How would you rate episode 11 of
Scum’s Wish ?
How would you rate episode 12 of
Scum’s Wish ?
“Oh, what a long first love that was…”
And just like that, Scum’s Wish has come to its bittersweet conclusion, although it’s more of a beginning than an end. Frankly, you kind of have to see it that way to find this finale satisfying. Hanabi, Mugi, Ecchan, Moca, and even Minagawa and Kanai are taking their first steps toward a new way of living, leaving the audience behind with nothing but the steadfast hope that everything will be okay one way or another. Thematically, I love what Scum’s Wish is going for with this “careful steps forward on the road to living for yourself” finish, so these last two episodes left my heart fully satisfied. Of course, it did try to get there too fast on too thin a tightrope, which left my head asking a few too many questions.
So Kanai and Minagawa are getting married. Did that sentence just send an involuntary shudder down your spine, because it sure had that effect on me! It’s easily the show’s most melodramatic turn, liable to divide the viewerbase in whether you find it powerful or inscrutable, but since I’m of two minds on the twist, I’ll try to explain my thoughts as carefully as possible. On the plus side, I do find it totally believable that feelings could blossom between these two characters and have a positive effect on both their lives in the short term. On the negative side, while all the rest of Scum’s Wish‘s untold stories work well as open-ended promises for a brighter future, a marriage between Kanai and Minagawa is such an incredibly loaded idea that it feels irresponsible to just bring it up without delivering more details. We’ll never know whether it turns out to be salvation for both of them or the worst mistake of their lives, and the show doesn’t give us enough information to assume one way or the other. At the same time, I’d be lying if I didn’t admit that seeing Kanai appear alongside Minagawa in the prison of her detached superego, allowing her to be herself with another person for the first time in her life, was an unexpectedly magical scene.
Despite not delving into Kanai’s psyche deeply enough to make him feel more like a standalone character and less like a catalyst for Minagawa’s hopeful future, we do get just enough information about his feelings for his decisions in episode 11 to make sense. For one thing, it turns out that sex just isn’t important to him one way or the other. He isn’t completely asexual, but he doesn’t feel a monogamous sense of possession over the ones he loves, and he also seems to feel immense guilt over his need to fill the void his mother’s death left in his life. (This is made clear by a scene that reveals he really did have romantic feelings for Hanabi, which horrified him as her mentor, since he’s surprisingly self-aware about where these feelings are coming from. Dang, I’m not sure Mengo Yokoyari is capable of writing someone who isn’t self-aware at this point!)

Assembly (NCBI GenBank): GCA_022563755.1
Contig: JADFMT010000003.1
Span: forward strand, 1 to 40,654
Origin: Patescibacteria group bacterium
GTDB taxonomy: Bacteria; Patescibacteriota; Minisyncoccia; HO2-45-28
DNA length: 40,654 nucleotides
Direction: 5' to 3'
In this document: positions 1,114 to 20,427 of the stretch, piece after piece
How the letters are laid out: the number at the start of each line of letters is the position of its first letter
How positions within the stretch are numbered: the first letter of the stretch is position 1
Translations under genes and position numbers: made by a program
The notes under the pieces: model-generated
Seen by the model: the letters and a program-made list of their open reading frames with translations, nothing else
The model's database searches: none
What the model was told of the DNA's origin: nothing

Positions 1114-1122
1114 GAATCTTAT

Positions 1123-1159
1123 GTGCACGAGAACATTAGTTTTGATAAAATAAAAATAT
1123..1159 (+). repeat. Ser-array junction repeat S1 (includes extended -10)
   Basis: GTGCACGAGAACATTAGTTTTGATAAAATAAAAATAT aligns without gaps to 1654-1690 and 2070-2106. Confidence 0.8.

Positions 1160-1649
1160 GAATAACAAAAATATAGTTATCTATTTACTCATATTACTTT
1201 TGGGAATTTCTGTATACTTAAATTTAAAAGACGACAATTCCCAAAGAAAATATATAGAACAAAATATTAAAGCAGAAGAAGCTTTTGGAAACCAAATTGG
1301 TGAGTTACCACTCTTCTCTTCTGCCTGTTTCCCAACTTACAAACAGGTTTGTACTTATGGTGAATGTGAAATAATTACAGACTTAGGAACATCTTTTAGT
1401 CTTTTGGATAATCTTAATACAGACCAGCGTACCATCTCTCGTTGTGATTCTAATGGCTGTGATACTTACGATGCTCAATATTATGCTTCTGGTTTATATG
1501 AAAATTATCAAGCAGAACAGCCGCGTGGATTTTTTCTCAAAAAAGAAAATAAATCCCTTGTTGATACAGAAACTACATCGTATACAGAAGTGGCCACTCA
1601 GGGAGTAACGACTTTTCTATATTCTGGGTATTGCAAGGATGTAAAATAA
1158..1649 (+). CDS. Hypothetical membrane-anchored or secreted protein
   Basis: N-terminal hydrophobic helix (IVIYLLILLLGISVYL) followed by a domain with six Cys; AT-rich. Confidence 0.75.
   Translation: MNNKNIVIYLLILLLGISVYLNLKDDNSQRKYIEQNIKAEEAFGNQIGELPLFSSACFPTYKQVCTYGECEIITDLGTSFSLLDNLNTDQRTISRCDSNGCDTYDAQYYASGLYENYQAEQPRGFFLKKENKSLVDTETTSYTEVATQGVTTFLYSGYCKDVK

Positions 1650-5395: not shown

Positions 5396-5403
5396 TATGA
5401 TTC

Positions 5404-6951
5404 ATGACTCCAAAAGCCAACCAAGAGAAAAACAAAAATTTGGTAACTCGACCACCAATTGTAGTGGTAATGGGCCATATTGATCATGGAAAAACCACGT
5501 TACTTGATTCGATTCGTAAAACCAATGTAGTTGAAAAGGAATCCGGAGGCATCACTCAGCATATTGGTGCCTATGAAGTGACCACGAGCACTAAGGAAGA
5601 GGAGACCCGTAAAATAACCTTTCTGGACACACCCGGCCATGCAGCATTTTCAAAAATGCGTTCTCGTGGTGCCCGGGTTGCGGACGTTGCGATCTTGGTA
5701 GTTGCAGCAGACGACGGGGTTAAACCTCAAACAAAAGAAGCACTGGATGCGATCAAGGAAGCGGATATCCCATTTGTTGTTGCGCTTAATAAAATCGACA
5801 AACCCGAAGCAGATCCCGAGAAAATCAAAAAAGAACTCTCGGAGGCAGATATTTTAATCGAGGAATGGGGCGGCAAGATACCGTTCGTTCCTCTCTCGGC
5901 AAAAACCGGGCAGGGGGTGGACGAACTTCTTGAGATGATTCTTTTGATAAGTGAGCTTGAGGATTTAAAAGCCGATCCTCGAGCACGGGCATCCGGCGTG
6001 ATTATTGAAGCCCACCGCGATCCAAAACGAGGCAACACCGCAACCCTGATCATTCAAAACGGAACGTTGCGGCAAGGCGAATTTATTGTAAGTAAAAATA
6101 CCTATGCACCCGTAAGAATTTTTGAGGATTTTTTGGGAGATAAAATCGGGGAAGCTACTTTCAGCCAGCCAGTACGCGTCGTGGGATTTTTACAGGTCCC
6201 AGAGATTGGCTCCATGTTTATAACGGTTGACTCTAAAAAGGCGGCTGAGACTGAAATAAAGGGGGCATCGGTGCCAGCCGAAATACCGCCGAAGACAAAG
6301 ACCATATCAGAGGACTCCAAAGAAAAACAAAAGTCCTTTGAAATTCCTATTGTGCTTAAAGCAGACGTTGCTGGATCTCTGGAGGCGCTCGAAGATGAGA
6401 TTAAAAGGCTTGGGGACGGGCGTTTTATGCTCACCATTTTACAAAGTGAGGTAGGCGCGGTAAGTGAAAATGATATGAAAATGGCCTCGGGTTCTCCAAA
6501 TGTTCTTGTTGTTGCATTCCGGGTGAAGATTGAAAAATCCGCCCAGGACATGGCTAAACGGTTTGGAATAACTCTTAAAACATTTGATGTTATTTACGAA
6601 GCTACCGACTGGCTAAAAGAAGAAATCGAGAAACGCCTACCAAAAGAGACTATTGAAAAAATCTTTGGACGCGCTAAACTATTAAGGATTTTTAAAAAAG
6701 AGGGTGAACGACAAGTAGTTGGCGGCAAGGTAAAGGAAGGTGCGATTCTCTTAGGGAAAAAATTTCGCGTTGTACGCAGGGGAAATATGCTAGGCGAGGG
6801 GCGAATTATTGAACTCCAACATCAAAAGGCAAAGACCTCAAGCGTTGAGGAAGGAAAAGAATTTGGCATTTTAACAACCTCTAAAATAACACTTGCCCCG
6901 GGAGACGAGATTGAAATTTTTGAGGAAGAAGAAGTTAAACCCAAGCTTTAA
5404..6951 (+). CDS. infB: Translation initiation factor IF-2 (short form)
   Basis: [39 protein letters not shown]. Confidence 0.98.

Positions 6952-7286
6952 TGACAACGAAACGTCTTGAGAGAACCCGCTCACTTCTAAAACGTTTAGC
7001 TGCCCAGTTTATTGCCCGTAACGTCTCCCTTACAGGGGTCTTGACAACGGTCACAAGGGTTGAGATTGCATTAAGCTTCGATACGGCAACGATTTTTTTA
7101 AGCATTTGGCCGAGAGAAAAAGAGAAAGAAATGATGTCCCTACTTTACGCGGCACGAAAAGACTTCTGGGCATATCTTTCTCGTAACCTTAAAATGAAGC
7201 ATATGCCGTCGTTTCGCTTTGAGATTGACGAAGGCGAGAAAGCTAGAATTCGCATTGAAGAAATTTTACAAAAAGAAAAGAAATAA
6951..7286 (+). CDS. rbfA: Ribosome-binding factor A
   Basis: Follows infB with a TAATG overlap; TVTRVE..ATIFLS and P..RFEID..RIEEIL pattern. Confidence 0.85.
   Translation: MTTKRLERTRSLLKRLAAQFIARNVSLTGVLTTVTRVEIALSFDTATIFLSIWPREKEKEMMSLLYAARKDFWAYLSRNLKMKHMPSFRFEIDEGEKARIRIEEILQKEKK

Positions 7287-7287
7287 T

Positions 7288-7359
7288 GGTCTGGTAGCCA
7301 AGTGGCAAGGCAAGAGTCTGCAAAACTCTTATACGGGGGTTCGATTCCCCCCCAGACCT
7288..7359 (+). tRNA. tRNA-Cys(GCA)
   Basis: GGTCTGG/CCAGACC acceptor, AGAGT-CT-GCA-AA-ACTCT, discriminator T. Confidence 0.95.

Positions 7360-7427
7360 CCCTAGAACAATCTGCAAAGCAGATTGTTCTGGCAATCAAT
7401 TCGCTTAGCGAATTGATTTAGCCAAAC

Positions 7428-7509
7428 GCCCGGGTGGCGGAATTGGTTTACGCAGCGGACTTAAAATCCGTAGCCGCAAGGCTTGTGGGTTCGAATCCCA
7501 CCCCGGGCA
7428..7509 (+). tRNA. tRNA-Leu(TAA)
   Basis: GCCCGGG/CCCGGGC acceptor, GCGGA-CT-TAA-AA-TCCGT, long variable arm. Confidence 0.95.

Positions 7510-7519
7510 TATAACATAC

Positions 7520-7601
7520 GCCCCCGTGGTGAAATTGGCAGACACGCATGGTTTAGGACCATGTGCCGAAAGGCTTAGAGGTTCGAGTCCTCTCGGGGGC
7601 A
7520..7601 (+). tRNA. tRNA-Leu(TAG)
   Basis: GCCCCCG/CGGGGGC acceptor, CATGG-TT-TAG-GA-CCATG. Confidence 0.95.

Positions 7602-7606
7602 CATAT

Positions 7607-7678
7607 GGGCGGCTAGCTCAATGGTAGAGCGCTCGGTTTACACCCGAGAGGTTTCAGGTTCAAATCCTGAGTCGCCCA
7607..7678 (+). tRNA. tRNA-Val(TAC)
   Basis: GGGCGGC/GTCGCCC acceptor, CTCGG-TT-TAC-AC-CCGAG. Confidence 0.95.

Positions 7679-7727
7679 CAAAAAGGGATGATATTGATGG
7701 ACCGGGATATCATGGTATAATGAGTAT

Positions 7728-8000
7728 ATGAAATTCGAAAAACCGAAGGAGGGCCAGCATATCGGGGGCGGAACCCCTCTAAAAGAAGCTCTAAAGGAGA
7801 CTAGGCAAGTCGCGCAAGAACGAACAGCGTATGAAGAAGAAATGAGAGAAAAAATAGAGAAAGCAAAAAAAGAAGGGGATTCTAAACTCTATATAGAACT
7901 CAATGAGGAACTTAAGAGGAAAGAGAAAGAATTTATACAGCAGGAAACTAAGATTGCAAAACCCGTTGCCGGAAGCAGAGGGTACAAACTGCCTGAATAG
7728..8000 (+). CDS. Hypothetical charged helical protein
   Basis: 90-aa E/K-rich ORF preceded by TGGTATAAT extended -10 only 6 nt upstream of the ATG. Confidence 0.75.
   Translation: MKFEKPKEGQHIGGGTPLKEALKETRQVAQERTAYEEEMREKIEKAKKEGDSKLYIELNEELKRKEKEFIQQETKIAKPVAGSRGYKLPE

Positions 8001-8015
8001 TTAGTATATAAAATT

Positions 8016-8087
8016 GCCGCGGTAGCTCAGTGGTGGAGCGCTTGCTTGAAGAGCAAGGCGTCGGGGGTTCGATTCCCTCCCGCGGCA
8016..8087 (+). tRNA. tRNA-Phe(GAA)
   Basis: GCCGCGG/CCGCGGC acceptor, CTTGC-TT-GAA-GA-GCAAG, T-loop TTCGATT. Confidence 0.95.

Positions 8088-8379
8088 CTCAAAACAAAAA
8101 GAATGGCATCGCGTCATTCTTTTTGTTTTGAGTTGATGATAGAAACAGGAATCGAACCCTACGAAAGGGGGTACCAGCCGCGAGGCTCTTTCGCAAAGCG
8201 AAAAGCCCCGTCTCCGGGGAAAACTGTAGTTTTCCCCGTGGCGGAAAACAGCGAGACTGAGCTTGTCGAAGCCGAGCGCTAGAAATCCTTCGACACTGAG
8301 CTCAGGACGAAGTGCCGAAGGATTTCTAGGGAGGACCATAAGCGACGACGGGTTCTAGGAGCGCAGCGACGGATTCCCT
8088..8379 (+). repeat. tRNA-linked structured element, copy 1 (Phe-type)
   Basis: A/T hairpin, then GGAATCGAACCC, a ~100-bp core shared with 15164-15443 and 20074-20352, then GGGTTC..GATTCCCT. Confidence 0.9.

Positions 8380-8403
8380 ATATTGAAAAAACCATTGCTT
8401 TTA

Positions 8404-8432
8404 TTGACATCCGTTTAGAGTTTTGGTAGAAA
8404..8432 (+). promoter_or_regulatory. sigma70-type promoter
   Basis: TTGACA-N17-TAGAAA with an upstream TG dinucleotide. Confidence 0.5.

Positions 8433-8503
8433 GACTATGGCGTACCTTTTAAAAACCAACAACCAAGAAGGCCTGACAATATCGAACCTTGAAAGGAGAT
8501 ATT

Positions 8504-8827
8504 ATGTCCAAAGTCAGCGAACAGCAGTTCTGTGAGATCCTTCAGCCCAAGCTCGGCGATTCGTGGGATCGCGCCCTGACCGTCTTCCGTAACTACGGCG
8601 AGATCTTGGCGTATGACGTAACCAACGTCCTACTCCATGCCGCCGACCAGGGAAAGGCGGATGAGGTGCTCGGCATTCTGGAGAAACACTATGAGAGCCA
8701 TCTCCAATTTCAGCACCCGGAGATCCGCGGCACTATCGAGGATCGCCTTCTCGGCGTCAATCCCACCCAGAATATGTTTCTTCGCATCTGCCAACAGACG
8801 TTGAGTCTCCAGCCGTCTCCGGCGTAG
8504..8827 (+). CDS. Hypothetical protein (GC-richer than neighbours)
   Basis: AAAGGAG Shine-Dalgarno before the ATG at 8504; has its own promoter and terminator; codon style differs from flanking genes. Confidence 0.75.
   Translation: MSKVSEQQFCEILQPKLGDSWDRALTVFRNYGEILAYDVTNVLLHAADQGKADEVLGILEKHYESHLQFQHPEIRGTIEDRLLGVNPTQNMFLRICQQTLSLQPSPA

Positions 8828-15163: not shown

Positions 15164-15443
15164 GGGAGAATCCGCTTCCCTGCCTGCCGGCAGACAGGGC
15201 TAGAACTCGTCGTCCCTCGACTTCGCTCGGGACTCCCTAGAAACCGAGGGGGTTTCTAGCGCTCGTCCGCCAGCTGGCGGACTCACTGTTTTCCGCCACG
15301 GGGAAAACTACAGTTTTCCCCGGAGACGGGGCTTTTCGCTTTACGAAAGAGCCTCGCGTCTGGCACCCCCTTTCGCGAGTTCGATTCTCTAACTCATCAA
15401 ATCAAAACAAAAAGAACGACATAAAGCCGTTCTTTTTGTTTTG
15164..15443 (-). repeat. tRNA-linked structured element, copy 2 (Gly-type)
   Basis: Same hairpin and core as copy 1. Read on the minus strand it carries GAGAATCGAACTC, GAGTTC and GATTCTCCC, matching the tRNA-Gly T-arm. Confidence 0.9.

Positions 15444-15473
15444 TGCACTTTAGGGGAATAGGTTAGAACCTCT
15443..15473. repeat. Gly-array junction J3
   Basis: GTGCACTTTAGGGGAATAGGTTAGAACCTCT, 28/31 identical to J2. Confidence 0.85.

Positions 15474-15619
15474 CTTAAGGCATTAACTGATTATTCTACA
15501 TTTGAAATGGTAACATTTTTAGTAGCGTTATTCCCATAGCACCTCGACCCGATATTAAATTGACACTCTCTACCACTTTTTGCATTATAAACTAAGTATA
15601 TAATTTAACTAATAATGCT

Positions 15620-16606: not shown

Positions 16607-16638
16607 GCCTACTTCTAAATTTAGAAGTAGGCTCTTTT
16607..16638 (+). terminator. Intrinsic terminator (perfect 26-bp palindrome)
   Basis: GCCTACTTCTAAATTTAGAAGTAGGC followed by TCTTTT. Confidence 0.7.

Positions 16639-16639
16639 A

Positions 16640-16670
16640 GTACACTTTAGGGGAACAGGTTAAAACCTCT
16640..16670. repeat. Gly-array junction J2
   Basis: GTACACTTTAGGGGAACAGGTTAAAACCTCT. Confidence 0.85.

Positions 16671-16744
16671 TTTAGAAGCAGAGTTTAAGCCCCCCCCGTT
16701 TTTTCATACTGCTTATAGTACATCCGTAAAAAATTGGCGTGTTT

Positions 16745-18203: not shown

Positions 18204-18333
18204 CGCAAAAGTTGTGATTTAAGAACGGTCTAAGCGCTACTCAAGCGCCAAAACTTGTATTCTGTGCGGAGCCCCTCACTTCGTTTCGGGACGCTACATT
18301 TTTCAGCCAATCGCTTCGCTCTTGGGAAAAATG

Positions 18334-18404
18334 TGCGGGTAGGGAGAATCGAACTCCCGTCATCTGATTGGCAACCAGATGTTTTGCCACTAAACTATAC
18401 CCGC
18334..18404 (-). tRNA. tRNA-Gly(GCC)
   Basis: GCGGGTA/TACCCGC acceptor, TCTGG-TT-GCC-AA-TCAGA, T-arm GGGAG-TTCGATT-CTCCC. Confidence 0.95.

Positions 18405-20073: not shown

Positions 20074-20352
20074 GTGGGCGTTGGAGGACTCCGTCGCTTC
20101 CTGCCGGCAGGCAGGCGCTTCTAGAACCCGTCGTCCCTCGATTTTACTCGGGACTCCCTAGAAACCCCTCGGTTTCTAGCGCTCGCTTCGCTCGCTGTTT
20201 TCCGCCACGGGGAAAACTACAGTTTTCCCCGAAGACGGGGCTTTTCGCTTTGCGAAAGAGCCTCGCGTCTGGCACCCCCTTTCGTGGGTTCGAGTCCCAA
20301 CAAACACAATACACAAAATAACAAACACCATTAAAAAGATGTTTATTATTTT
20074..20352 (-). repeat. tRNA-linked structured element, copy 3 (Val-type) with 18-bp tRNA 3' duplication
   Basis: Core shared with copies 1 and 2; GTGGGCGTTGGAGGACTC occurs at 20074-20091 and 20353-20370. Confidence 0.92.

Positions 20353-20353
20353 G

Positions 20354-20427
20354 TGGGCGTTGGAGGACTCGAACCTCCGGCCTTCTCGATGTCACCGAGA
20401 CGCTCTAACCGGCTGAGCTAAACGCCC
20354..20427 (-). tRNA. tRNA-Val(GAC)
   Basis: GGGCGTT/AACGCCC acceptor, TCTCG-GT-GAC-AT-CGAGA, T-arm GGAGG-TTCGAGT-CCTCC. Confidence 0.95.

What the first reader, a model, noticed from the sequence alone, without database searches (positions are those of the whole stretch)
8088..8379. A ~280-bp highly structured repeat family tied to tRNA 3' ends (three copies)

Anyway, Kanai can’t do anything about the void his mother left that he keeps filling with women who remind him of her, but he feels he’s doing the next best thing by not projecting expectations of his mother onto these women. Having experienced a life-changing death before, he now sees time with those he loves as a precious thing that should never be compromised if he can help it, even if that means embracing a non-monogamous relationship with the object of his affections. To Kanai, life’s too short to forego spending time with the one you love, even if they might have a lifelong sex addiction (which is admittedly made easier by Kanai’s low and lazy sex drive).
Now this is not a healthy attitude to take for sustaining a long-term relationship, since someone as narcissistic as Minagawa is liable to wring Kanai dry emotionally, but this level of acceptance is necessary for starting a relationship with Minagawa. Emotionally, I totally believed Kanai’s acceptance of Minagawa’s flaws and her attempt to try connecting with another human being as herself, no play-acting, no secrets, and no judgment. It’s a big leap to take for someone who said just a few years ago that she wanted to die without anyone having known her, and there’s a heartening strength to that kind of transformation, even if it feels a little rushed. If the series had ended with them just continuing to date, their subplot’s end would have felt just as natural and enriching as all the other characters’, but a shotgun scum-wedding? Aye, there’s the rub. I can’t be blindingly hopeful about such a dicey prospect, and since this final review is unfortunately coming out so late, I’ve gleaned from other reactions that most viewers feel the same way.
It’s not impossible for a marriage to work out between these two, but it feels like an entire new story that needs to be told to justify the leap of faith. The imbalance between the dearth of focus on Kanai up to this point and the magnitude of Minagawa’s issues is just too great to assume those wedding bells will echo happily ever after. Thankfully, the show does leave viewers enough room to see their future as uncertain, only promising that Minagawa and Kanai have changed for the better, without trying to assert that they’ve changed for good. Maybe their marriage will be a miracle, and maybe it will be a smoldering trainwreck, but it’s the start of the healing process that really matters, and I totally bought that part at least.